I thought one of the more interesting characters new to Mass Effect was the shuttle pilot, Cortez. Not because he was gay — my Shepard’s gay, I guess — but because of all the things you could do with that guy (though he was, I assume, a romance option for males). It was high time we got to talk ad nauseum with non-squadmates, though that never ended well for those characters in the past. RIP Pressly. Adams made it out okay; it was a surprise to see him back. I always wondered what happened to the guy who marveled at Tali and shut up forever.
It doesn’t add a new dimension to the game but enhances a preexisting one, the seeming suicide mission statement of Mass Effect 3. They realized that more conversations led to more opportunities for memorable moments of drama, and Cortez had his share. That’s the beautiful thing about a narrative that can take its time with a running time of hours and hours — we can explore. In a movie, you’d never talk to Cortez, not when there’s a birdman doing calibrations and a killer robot housing thousands of AI — right over there!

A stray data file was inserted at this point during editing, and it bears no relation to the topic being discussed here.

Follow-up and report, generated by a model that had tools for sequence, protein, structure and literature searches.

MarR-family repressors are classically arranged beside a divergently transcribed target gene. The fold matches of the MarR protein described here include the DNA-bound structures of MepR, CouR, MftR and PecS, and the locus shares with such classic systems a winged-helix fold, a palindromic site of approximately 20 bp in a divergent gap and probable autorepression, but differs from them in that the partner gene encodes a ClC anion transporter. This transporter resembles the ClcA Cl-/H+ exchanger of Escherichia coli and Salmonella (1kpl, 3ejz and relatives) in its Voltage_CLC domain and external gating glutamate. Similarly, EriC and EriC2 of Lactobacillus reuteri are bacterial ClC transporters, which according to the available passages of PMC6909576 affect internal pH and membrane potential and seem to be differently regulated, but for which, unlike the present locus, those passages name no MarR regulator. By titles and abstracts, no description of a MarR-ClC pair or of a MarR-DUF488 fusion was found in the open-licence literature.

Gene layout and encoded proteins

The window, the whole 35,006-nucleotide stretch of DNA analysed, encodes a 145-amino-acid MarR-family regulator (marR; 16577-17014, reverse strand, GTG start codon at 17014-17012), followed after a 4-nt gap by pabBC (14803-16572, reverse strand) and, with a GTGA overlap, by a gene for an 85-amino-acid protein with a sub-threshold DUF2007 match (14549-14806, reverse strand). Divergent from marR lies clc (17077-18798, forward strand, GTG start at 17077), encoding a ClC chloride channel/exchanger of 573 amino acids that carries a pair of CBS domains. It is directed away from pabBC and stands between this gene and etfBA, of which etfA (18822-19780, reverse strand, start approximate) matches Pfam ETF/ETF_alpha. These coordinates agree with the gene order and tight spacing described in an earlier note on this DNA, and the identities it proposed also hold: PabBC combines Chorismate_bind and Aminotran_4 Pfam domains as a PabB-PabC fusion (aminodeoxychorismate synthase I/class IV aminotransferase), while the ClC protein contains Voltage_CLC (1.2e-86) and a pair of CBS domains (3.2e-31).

Opportunities for genuine, sometimes shocking, character moments open up, as does the path we stalk down further and further on our journey — that of discovering just what the hell Mass Effect has been about the whole time.
Does the Mass Effect trilogy embody, also like 2001, a glaring self-contradiction? It speaks to galactic (international) unity, a unity of races no matter what skin-color or creed, but it’s a human who’s speaking. Shepard is at the epicenter — and if it weren’t for humanity, the Reapers would have had their day and eaten it too.
But what’s being said then, that humanity only got to this point because of Prothean technology? There’s a great sense of history here, one that stretches back years and years — the themes of development over time and evolution are prevalent but never really addressed — and we get the idea that something about cycles and society was meant to be said.
Here’s a list of the themes in Mass Effect, before the ending of Mass Effect 3:
- Peace and Unity